NEW YORK—When an elderly couple flees the cold winter of Brooklyn, New York, to find solace and retirement in sunny Florida, they find that the model apartment where they must spend “a few nights” awaiting completion of their own unit is not to their liking. The TV set is an empty box, the fridge plug cord has been clipped off, an ashtray is glued to a table. So begins Donald Margulies’s odd, funny, and haunting, dark play.
Lola (Kathryn Grody) and hubby Max (Mark Blum) are seeking to escape more than just a bad climate. Back in New York they have a daughter, Debby (Diane Davis), who is so grotesque she might even be labeled a “grotesque.” To call her obese would be an understatement. Furthermore, she is mentally more than a little unhinged.
As ill luck would have it, Debby finds her way to her parents via a talkative neighbor who knew their whereabouts. To add insult to injury, Debby has in tow Neil (Hubert Point–Du Jour), a young African-American man whom she met somewhere on a New York street and is “in love” with.
By now Lola and Max are ready for a true escape, far from their offspring and her newfound friend. But that is not to be. Here the play takes on newfound complexities. It comes out that the older pair are refugees from Nazi Europe; Lola bears a tattooed number on her arm.
The pain of their earlier life erupts in emotional scars, particularly apparent on Max’s psyche. Visions of another daughter, Deborah, who died in the Holocaust, appear in Max’s sleep. Deborah is lithe, delicate, and sensitive, the polar opposite of Debby.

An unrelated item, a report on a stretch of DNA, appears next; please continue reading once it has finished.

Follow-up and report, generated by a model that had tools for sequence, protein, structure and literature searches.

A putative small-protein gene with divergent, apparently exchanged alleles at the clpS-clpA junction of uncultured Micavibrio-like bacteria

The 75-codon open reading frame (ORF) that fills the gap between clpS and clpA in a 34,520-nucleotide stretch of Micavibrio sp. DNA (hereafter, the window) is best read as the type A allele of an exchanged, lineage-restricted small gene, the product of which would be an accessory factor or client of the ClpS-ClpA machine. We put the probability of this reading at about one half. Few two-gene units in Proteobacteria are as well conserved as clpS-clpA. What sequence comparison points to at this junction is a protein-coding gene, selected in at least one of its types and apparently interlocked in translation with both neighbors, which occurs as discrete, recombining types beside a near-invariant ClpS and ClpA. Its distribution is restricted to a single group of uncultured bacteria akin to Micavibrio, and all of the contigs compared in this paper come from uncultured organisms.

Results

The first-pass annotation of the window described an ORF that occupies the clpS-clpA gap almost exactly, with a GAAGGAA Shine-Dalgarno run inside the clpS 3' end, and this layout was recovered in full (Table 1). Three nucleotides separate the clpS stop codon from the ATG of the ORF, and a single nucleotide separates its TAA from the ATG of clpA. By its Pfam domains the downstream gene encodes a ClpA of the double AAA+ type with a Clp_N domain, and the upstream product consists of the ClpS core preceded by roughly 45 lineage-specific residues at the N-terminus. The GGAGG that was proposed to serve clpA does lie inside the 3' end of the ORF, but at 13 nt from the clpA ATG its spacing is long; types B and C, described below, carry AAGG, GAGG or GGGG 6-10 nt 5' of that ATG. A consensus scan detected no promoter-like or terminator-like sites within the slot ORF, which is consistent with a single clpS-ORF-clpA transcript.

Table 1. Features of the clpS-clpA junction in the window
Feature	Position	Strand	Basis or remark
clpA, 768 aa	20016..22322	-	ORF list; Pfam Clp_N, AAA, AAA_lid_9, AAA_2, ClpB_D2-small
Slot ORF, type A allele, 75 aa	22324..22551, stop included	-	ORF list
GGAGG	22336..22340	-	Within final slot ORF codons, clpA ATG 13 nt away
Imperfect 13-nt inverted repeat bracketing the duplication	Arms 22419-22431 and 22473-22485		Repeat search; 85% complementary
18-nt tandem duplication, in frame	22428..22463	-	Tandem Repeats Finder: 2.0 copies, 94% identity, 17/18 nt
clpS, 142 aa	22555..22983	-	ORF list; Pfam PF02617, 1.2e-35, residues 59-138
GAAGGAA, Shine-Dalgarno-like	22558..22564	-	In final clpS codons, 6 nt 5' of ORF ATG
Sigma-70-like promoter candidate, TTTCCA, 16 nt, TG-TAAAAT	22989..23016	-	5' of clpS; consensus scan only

Lola too has peculiar visions. She insists that in Europe she had been an intimate friend of Anne Frank and knew of the diary that Anne was writing.
Conflict surges to the surface, as Debby rages against her father’s critical assessment of her and her perceived comprehension of his preference for her dead sister.
Neil further adds stress to the situation by moving the furniture about, ripping the ashtray from the table, and generally making a mess of things, against express orders by the condo management that the apartment remain in pristine condition.
Debby ultimately gets too far out of hand, forcing her parents to take matters in hand and find a more suitable living situation for her. Only Lola agrees to support her daughter through this traumatic event. With Max, now happily alone, settling down to relax in what is now for him a welcoming home, the ending of the play is ambiguous and unsettling.
Performances are excellent, with Evan Cabnet at the directorial helm.
Diane Davis creates a marvelous double as both Debby and Deborah.
Kathryn Grody’s portrayal conveys the concern and warmth of a Holocaust survivor who has suffered much but can still give affection toward others, including not only daughter Debby but also Neil, who is a lost soul without family of his own. In this connection, Hubert Point-Du-Jour’s New York street black was accurate and effective.
Mark Blum conveys both the rigidity of the strict Max as well as his warmth toward the lost Deborah.
Set design by Lauren Helpern deserves kudos, with the audience treated to a bright, Florida-type “model apartment.”
This production is a revival of the 1995 production, which won an Obie Award.
The Model Apartment
Produced by Primary Stages
59 East 59th Street
Tickets: 212-279-4200 or visit www.primarystages.org
Running Time: 1 hour, 20 minutes
Closes: Nov. 1
Diana Barth publishes New Millennium, an arts publication. For information: firstname.lastname@example.org.